Live and Ultra HD video aren’t much of a factor in streaming video delivery today. By 2021, that should change dramatically according to a new forecast by Cisco.
Video continues to drive IP traffic growth
Cisco sees continued strong growth in IP traffic through 2021. The company says bandwidth will triple between 2016 and 2021, from 96 Exabytes per month (EBM) to 278. Video remains the dominant driver of this growth. In 2016, Internet and IP video occupied 73% of IP traffic, or 70 EBM.^ That share will increase to 82%, or 228 EBM, in 2021.
The consumer love affair with SVOD services looks to be the primary driver of bandwidth today. Cisco says that 60% of the Internet video load (29 EBM) was long form shows in 2016. This is, of course, the primary video type delivered by Netflix, Hulu, and Amazon. Long-form consumption will continue to grow strongly, reaching 107 EBM, through 2021. The same is true for video shorts, which will grow from 17 EBM to 49 EBM over the same period.
Live Internet video emerges as major growth factor
However, both long-form and short-form will lose overall share of the video load. The main reason for this is the emergence of live Internet video as a major driver of bandwidth. Cisco forecasts it will grow from just 3% of the video load (1.5 EBM) in 2016, to 13% (24 EBM) in 2021. That’s equivalent to a compound annual growth rate (CAGR) of 74%.
There are many components of live video online. For example, major components include:
- Sports carried on streaming linear TV channels (in services like Sling TV and Hulu Live)
- Live streamed sports in services like Fox Sports Go
- Local events, like high school football and church services
- Social live broadcasting in services like Facebook Live.
According to Shruti Jain, a senior analyst with Cisco, these types are all included in the Cisco live forecast. However, she believes the biggest driver of live growth will be the user generated live streams from platforms like Facebook and Snapchat.
Given the enormous focus Facebook is putting on live, it’s hard to argue with Ms. Jain’s position. In an nScreenMedia interview with Matthew Corbin, Global Product Manager at Facebook, he said live is so successful it is leading a revival of appointment viewing. He also said much of that live viewing is taking place on smartphones, not the television.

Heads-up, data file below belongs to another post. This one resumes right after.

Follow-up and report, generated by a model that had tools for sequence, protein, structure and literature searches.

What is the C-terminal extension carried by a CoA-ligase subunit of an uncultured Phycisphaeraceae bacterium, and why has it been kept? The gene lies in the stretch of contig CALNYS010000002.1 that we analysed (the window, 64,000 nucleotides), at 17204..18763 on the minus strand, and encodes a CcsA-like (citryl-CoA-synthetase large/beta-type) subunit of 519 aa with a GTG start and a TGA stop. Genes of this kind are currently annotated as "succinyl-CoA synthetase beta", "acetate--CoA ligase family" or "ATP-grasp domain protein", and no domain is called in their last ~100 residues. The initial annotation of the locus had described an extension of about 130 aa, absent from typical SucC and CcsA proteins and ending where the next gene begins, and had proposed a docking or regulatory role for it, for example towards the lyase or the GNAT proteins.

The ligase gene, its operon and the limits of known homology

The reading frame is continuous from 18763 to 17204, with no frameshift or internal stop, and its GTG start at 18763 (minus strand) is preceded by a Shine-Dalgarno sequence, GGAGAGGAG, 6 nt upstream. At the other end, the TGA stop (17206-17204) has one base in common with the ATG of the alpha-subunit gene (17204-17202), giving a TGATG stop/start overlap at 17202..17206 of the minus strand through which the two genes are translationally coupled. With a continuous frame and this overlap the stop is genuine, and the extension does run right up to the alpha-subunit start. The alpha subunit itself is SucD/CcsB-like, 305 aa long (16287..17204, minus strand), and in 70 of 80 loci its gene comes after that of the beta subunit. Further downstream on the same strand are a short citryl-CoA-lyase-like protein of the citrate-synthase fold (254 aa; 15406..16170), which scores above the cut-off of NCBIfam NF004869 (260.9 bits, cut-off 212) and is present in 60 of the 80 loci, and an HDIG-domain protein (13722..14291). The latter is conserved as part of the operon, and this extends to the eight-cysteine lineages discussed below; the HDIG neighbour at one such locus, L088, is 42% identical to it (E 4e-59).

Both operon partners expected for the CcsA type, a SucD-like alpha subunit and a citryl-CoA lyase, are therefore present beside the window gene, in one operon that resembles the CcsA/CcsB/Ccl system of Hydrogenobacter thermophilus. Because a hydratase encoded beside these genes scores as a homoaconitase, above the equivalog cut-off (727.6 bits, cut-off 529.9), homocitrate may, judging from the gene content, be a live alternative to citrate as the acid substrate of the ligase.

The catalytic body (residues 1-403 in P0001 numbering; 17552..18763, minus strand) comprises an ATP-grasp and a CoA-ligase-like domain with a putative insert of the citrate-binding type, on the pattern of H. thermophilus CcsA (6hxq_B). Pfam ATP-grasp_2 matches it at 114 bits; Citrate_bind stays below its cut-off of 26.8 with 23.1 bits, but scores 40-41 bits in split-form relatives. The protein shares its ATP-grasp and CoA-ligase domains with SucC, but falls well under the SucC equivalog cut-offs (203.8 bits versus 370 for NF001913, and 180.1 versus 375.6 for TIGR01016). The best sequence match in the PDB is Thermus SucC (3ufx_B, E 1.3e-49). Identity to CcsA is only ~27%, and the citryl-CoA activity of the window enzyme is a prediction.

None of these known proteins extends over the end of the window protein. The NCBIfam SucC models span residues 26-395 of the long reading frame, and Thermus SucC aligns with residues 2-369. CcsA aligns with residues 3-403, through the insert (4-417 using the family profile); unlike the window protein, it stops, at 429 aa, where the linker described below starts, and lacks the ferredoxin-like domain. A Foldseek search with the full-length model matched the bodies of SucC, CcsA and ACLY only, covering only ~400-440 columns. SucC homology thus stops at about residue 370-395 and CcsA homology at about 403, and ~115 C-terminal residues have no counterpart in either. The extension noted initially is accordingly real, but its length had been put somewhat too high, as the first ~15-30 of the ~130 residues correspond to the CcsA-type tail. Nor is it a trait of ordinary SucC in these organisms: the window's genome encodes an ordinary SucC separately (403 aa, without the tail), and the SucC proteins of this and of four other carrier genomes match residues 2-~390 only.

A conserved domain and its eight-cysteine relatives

Ultra HD will make its mark, VR will not
To date, Ultra HD has not made much of an impression in the online world of video. To be sure, services like Netflix and Amazon are providing some content in the format, but it is still not driving much streaming bandwidth. According to Cisco, just 2% of IP video (1.9 EBM) was UHD in 2016. The company says this will balloon to 21% (48 EBM) in 2021. That’s a CAGR of 91%.
The increase in the average bandwidth delivered by broadband will be a factor in consumer adoption of ultra HD. Cisco believes that it will reach 57 Mbps by 2021, more than enough to deliver an ultra HD video stream.
Virtual and augmented reality video traffic will not make much of an impact through 2021, at least according to Cisco’s VNI. The company does expect strong growth (82% CAGR) from VR and AR. However, this will only amount to 1.7 EBM, or just 0.6% of IP Video bandwidth, by 2021.
Why it matters
Video continues to drive the growth in IP traffic. IP traffic will increase 2.9X over the next five years. Video traffic will increase 3.3X.
Live streaming will become a major factor online, absorbing 13% of the video load by 2021.
Ultra HD will be a much more important factor, accounting for 21% of video load in 2021.
VR/AR will not be a major factor online through 2021.
^IP video does not transit through the Internet. It circulates solely within an ISP’s network. For example, Comcast’s Stream video service is included in IP Video because Comcast customers can only access it when on a Comcast broadband connection.